The title is The Ad-free Brand: Secrets to Successful Brand Positioning in a Digital World. It is intended to be a hands-on guide to help organizations of any size in any industry effectively position their brands in a what I’d call a post-advertising world.
I’m writing it not just for marketing/communications types, but for anyone who is interested in learning more about how to effectively position their brand using 21st century tools and strategies, whether the brand is a product, a website, a small business, a non-profit, a person, or a Fortune 500 company.
As those who’ve read my brand positioning tips know, I’m a bit of a positioning junkie. But my frustration has been that I haven’t found a really good resource that helps people manage and grow brands that can’t afford (or choose not to do) big fancy advertising campaigns. If you read through the classic texts like Positioning: The Battle for Your Mind by Jack Trout and Al Ries, they are filled with examples of executing positioning through advertisements, taglines, and marketing campaigns.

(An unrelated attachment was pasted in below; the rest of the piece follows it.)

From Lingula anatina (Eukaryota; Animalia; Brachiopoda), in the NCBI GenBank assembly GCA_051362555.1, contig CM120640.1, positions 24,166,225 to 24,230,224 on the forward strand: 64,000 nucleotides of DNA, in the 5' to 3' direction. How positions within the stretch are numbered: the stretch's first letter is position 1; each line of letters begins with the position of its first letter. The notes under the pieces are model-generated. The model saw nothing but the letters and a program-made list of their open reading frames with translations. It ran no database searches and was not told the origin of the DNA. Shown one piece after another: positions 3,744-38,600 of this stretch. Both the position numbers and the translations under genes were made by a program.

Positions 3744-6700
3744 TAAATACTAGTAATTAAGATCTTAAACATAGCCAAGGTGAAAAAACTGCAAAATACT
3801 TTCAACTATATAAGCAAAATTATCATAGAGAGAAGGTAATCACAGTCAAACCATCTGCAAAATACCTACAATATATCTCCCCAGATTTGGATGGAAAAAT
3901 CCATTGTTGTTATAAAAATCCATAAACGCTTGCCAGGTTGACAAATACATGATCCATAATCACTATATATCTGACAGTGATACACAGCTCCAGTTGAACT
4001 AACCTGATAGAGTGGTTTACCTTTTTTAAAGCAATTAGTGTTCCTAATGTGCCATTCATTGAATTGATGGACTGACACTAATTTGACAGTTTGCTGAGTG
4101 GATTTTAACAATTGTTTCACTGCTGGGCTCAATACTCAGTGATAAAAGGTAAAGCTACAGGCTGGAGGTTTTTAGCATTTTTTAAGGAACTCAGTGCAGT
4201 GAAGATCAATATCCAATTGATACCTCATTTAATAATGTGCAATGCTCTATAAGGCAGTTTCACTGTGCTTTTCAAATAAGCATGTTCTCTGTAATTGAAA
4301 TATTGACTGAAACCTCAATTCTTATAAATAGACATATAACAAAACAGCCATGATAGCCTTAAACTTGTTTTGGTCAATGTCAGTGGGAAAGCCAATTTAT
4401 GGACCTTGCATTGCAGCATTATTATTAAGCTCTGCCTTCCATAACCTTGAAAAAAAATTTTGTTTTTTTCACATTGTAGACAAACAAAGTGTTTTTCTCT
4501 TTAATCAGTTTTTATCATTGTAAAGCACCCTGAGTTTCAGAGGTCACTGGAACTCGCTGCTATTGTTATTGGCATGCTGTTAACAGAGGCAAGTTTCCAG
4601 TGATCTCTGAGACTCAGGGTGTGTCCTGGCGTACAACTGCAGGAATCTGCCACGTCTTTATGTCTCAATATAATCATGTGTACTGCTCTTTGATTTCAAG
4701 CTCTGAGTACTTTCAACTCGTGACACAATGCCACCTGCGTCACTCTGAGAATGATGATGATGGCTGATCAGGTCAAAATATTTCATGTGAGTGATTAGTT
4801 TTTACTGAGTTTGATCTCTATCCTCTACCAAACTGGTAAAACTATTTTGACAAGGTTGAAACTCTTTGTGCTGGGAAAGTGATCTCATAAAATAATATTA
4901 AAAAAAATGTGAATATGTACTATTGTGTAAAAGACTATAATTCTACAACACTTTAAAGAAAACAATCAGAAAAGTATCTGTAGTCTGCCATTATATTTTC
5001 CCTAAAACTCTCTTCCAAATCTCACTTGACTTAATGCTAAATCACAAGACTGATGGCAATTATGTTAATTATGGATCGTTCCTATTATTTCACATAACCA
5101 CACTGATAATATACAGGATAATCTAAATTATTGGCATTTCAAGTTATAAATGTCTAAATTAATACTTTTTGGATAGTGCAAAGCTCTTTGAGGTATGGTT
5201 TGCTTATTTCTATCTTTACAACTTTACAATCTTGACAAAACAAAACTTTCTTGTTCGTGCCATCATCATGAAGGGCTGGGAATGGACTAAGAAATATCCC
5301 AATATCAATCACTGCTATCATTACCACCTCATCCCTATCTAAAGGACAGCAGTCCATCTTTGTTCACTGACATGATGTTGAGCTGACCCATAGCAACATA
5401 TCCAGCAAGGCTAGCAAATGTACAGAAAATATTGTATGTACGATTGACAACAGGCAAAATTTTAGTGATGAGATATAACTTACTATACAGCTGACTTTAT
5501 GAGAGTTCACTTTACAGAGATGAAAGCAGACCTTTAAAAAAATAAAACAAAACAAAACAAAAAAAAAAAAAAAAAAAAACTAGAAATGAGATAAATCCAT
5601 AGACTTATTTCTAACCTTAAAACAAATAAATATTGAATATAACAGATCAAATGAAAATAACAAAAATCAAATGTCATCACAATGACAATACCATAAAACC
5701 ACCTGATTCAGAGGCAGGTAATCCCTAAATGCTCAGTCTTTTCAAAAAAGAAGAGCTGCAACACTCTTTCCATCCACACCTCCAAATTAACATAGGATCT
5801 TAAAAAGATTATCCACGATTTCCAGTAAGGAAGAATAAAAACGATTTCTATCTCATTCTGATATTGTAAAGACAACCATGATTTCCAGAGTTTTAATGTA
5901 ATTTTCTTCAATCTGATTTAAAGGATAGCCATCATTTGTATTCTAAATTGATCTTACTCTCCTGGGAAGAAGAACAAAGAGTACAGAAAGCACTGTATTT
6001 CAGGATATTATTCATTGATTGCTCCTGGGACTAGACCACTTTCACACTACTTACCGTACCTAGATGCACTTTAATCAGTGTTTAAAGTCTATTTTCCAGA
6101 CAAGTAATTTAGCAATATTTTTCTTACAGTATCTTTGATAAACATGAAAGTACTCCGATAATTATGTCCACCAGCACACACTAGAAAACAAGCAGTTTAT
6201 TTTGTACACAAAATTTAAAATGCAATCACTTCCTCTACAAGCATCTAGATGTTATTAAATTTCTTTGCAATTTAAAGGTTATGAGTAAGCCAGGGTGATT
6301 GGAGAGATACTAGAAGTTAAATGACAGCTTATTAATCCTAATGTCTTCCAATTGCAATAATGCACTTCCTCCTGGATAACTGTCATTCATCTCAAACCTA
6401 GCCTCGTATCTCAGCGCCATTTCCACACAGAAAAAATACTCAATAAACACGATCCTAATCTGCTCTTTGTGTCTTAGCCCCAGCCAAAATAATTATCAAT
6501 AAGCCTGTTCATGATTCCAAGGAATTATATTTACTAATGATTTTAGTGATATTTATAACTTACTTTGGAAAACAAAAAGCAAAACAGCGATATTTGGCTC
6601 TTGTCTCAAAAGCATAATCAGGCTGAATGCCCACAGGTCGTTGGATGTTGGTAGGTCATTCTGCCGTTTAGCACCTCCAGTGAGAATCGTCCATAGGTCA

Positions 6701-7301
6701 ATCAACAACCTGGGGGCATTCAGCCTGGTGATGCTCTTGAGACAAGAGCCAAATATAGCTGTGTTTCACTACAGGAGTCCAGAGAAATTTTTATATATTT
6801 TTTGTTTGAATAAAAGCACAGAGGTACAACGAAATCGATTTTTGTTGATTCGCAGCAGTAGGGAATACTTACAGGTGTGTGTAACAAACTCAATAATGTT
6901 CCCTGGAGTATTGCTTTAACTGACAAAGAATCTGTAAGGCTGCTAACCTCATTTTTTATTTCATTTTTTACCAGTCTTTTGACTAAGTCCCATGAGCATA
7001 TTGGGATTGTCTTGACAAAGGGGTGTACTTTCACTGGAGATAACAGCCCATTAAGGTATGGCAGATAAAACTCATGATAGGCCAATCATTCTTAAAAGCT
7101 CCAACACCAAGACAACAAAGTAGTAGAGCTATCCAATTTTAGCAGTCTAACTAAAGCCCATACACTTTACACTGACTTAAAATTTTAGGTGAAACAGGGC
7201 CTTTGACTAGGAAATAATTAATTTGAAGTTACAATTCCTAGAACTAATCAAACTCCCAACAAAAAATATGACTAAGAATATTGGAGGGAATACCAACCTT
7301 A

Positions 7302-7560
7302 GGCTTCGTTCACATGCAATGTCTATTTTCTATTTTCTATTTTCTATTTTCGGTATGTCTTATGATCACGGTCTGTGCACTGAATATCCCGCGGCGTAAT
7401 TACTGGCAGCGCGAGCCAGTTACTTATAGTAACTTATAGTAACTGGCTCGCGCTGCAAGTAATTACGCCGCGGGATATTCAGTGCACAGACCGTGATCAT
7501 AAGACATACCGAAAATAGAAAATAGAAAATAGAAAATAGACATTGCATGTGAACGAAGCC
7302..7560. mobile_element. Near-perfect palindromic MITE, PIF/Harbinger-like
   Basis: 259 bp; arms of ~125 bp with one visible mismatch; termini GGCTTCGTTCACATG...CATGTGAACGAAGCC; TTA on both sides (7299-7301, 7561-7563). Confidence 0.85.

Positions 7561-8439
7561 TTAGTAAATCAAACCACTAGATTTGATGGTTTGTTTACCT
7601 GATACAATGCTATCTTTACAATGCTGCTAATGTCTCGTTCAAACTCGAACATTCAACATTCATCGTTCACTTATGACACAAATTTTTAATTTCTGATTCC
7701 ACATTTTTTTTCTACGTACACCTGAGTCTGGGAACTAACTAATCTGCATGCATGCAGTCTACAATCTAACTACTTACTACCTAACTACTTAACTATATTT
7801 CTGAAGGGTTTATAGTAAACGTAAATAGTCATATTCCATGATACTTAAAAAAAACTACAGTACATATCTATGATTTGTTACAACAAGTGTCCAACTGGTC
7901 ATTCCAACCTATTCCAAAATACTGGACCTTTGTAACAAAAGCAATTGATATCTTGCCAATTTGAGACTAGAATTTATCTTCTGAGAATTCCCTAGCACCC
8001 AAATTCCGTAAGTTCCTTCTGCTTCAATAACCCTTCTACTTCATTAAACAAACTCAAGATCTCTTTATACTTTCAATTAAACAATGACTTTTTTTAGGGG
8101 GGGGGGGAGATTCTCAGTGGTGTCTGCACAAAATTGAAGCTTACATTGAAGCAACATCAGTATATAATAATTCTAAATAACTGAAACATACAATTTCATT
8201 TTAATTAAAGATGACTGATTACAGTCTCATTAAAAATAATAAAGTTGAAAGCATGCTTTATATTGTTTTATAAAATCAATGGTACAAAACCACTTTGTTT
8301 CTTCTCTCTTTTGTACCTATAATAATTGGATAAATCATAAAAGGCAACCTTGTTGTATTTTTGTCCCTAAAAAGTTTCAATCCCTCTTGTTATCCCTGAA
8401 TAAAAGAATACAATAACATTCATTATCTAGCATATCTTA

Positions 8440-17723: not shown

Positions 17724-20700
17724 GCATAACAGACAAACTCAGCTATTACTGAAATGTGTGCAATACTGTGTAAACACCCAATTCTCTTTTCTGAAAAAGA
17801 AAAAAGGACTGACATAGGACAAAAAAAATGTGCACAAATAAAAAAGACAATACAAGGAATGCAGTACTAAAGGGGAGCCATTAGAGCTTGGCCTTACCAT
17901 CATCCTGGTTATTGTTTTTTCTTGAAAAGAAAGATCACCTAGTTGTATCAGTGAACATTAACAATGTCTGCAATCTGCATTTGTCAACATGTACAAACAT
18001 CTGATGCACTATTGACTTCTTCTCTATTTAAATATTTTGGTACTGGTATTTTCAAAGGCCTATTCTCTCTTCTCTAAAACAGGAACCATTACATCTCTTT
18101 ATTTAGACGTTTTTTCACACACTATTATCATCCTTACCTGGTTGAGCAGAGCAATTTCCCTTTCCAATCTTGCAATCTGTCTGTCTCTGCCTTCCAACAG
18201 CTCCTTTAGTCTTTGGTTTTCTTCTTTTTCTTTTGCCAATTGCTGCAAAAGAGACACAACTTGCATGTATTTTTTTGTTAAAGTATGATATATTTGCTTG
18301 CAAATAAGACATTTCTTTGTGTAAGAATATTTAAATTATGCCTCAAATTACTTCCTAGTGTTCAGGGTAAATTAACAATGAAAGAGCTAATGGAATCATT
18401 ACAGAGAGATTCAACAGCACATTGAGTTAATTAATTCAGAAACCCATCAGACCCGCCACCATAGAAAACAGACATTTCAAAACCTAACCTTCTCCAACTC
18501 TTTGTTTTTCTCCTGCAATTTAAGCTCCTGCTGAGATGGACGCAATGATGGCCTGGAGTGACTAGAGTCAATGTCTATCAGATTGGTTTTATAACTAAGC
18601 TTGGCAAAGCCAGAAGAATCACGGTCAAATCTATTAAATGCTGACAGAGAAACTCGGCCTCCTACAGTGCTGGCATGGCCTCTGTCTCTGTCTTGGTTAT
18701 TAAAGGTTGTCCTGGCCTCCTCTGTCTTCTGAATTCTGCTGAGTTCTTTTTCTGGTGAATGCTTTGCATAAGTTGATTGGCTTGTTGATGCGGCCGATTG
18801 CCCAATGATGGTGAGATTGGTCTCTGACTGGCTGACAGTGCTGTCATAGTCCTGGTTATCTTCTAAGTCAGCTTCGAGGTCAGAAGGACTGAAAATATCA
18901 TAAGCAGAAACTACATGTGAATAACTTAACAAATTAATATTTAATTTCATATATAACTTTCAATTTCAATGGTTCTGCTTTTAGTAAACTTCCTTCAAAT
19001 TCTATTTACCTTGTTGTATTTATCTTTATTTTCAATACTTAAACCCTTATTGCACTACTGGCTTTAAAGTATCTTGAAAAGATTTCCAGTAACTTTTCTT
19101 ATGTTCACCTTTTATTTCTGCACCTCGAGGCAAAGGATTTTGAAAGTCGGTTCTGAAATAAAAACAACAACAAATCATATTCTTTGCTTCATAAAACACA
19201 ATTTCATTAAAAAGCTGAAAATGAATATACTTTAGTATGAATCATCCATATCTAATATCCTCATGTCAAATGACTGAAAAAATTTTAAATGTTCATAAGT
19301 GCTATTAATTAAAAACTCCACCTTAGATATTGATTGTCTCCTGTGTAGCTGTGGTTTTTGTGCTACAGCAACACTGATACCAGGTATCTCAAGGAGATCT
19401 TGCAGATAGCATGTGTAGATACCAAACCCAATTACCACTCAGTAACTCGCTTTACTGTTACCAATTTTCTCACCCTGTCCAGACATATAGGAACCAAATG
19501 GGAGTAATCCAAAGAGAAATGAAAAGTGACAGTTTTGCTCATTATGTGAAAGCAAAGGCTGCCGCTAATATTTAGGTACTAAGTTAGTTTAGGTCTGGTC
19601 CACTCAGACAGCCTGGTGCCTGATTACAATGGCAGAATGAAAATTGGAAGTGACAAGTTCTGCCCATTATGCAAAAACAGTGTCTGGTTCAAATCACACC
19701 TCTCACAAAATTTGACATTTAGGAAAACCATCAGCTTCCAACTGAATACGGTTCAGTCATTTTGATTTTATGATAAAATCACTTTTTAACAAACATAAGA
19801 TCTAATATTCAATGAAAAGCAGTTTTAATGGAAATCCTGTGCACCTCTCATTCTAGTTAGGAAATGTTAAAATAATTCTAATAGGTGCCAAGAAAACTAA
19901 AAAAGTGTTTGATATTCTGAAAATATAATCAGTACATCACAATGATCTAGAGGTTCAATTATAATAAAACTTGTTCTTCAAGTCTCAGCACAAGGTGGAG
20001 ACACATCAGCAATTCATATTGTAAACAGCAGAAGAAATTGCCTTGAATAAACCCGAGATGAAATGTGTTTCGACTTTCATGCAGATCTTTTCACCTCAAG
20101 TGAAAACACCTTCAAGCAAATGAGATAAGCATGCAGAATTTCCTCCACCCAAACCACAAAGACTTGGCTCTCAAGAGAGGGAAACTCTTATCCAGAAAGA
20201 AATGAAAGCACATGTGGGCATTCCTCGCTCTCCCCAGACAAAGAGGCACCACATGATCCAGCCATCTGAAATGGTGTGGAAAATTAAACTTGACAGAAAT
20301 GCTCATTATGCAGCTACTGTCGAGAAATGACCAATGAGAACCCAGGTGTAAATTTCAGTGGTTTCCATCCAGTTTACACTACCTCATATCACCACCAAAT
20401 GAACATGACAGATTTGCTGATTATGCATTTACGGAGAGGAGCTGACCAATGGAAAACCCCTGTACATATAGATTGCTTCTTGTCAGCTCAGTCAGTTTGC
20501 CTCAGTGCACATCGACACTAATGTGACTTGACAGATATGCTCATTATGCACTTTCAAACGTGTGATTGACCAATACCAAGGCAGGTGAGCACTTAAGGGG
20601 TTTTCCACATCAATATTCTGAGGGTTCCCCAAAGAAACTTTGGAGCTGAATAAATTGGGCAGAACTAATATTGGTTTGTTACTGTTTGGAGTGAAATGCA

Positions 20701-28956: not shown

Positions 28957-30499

But as good as the positioning concepts themselves are, I’m not sure the advertising-driven execution of these concepts is as relevant in 2011 as it was in the 20th century. My goal with The Ad-free Brand is to teach people the timeless principles of good brand positioning, then show them how to apply them a new kind of way using the lessons I’ve learned from the open source world and elsewhere.
As some of you know, I spent the first part of my career in book publishing, first as a literary agent then as an editor. Writing a book is something I’ve always wanted to do, so I’m kind of excited, but also pretty nervous. Yikes!
The Ad-free Brand will be published by Pearson/Que sometime in Fall, 2011. I’ll keep you up to date on my progress along the way. Finally, I just want to say thanks for coming by and reading some of my posts this past year. If you notice me writing a few less original posts during the next few months, now you know why:)
Happy new year!